Today, we’ll be discussing why I added air bags to my truck to more safely haul my horse trailers.
Welcome to the start of a new series for horse owners who may be considering a new trailer or upgrading one. I’ll be sharing my trials and tribulations with you as I move from a small bumper pull to a larger gooseneck that I’ll be converting into a DIY LQ.
After years of pulling a bumper mounted trailer I’d noticed that with heavy loads not only would the steering feel “light”, the headlights would tend to illuminate the trees and not the road ahead. Neither of these were particularly comforting sensations, especially when hauling several horses as well as feed and supplies for an extended camping trip. I thought the solution was a bigger truck to haul the bigger load. Again, I was wrong.
Your truck’s original suspension as designed allows for safe hauling, towing, and handling. However, when fully loaded the weight can shift, aiming the headlights towards the treetops, bottoming out the rear suspension, and making the steering lighter and braking more unpredictable, and “interesting”.
Squat was my problem and it was MUCH less expensive to fix a saggy rear end than to purchase a new vehicle.
Air suspension, or more properly pneumatic suspension, systems have been around for nearly a hundred years. I had a lot of questions about what air bags do and why I would even need them. Here’s what I’ve learned.
A common misconception is “adding an airbag to your existing suspension will allow you to carry increased payloads or tow heavier trailers”
False! It’s important to remember that the addition of any airbag system does not allow higher payloads or towing capacity to your current vehicle. You need to consider that many other systems on your truck—including braking and cooling—are rated for your specific manufacturer-rated capacity. Exceeding these ratings is not safe.
It’s very important to identify your vehicle’s towing and hauling capabilities, which will vary depending on your vehicle truck. Inside the driver-side door you’ll find a label that identifies the vehicle’s Gross Vehicle Weight Rating (GVWR), which is the maximum weight your truck can safely carry. This rating, along with your truck’s towing capacity, is determined by many factors, including engine size, gear ratio, wheel and tire package, cab and bed configuration, transmission, axles, and more. Always verify that your load is within the manufacturer’s specs for your vehicle.
After a lot of research, I went with a load support system from Air Lift and I wish that I had invested in the system years ago. My system included the air bags and an onboard air compressor with wireless remote control so I can inflate and deflate the air springs with a touch a button. This gives me the ability to adjust the height and ride of the suspension based on what I’m hauling or carrying. Whether I’m hauling a fully loaded trailer or making a light run to the recycling center I can set the ride to what’s both comfortable for me and safe for the load.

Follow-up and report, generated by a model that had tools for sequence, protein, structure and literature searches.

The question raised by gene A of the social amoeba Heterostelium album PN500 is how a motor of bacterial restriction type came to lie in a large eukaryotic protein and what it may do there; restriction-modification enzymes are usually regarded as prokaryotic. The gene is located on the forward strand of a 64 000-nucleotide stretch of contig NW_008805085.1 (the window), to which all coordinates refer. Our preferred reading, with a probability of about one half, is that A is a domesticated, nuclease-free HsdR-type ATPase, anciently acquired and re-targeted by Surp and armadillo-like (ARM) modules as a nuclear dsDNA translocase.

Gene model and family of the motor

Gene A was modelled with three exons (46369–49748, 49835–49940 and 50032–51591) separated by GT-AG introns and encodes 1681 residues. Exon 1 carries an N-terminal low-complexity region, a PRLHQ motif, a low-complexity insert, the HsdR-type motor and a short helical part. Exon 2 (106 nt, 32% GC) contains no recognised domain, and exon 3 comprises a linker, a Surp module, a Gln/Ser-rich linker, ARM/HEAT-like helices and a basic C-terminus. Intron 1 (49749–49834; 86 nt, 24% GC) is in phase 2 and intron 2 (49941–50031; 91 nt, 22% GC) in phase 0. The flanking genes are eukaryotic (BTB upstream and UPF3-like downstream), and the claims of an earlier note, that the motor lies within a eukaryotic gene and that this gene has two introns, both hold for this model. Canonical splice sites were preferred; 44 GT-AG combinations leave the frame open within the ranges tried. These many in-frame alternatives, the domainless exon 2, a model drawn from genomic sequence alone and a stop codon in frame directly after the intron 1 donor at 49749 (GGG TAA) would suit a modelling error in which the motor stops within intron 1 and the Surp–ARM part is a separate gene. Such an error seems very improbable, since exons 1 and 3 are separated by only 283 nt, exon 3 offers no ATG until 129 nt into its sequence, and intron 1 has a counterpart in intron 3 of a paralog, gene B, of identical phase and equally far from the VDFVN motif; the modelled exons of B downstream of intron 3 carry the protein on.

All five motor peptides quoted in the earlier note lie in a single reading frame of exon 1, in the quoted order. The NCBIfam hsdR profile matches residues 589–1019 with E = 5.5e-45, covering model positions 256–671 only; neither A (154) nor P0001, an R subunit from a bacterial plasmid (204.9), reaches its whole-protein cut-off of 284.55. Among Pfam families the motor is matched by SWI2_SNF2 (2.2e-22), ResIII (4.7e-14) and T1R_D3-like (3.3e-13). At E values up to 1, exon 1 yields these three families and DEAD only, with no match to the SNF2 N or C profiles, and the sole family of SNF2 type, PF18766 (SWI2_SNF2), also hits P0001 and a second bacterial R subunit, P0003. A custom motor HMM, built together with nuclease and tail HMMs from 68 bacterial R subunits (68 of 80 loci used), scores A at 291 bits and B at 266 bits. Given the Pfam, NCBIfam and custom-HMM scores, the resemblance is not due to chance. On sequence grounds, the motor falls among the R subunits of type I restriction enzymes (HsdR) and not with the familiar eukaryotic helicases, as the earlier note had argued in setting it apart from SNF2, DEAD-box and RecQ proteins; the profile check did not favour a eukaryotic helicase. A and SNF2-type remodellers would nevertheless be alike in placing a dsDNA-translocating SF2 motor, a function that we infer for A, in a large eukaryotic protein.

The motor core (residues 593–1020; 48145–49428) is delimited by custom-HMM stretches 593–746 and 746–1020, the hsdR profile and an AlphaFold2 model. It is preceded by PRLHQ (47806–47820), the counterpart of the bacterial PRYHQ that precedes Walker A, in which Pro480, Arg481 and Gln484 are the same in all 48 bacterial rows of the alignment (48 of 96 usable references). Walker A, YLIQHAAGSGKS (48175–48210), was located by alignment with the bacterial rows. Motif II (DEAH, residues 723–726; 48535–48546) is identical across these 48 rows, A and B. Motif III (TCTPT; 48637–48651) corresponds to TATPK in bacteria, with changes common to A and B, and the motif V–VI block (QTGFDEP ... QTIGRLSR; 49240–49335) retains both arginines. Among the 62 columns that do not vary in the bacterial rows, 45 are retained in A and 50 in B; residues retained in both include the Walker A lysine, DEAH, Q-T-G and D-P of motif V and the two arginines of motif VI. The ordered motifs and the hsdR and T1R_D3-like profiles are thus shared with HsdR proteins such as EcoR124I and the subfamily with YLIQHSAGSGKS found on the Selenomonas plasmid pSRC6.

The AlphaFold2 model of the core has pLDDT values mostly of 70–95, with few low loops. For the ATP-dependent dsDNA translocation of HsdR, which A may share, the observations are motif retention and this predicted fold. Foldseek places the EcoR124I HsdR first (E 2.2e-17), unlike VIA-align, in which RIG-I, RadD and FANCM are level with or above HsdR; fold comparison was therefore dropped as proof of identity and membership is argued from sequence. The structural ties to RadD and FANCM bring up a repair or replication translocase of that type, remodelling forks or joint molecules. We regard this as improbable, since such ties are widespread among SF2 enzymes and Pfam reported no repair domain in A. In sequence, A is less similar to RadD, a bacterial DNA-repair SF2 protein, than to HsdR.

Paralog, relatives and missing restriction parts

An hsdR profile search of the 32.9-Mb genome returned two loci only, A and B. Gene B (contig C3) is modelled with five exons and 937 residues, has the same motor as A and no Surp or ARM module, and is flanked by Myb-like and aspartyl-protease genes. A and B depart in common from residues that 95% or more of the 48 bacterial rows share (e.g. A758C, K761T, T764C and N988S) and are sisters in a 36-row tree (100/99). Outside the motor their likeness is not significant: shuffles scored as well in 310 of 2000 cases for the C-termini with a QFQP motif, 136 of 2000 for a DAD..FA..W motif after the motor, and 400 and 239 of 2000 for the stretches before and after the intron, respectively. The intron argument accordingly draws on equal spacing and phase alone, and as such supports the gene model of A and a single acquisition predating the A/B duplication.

Not being much of a mechanic, and reluctant to break my truck, I thought it best to have the system installed professionally by my local tire and repair shop, TireRama. I was incorrect. While it’s great to watch other people work and avoid crawling under the truck, the install of the system was in fact straight forward. I think that even I could have done the job had I been so inclined. Even with my endless questions, Steve had the job done quickly and neatly within a couple of hours.
Once installed and inflated, the helper bag assembly allows you to add air to the system to level the vehicle and add much needed stability, firmly planting all four tires evenly on the ground. This makes a big difference—even when you’re within your vehicle’s tow rating capabilities. These systems can also help offset the negative effects of sagging springs or worn shocks that can lead to poor towing performance. A bonus is the ability to adjust your tow vehicle’s height when hooking up a trailer. Companies like Air Lift offer many add-on air spring systems capable of increasing the stability, safety, and ease for your towing experience.
Since an air spring acts like a balloon you’ll need the ability to inflate the air bags. Adding more air (higher pressure) cushions and levels the ride of a loaded-down rig, and removing air (lower pressure) returns an empty rig to a factory condition. Onboard air systems are the answer to adjusting air pressure and come in a range of styles. The simplest are inflation valves that are connected to the air bags. These are filled in the same manner as a tire. I opted for a system that includes an onboard air compressor, to allow for pressure adjustability on the go, via a handy remote control.
When installed properly and maintained air suspension systems will last for a long time. Since the rubber air spring is pliable and can be damaged from rubbing or chafing, it’s very important to keep a good amount of room between the bag and any brackets across the entire range of travel. Any contact the airbag makes will shorten its usable life significantly. It’s also important to keep the airbags inflated enough to maintain their shape even when you aren’t towing. Excessive wear can result if the bag is under or overinflated. An additional thought about the airbags is to be aware of their maximum pressure ratings to avoid premature failures.
After having upgraded to air bags from Air Lift systems I’m a convert. The adjustable air springs allow me to customize my suspension to my load making for a smoother, safer ride. There’s a reason why semi-trucks use air springs and I’m glad that I joined the club and I’ll be riding on air far into the future!
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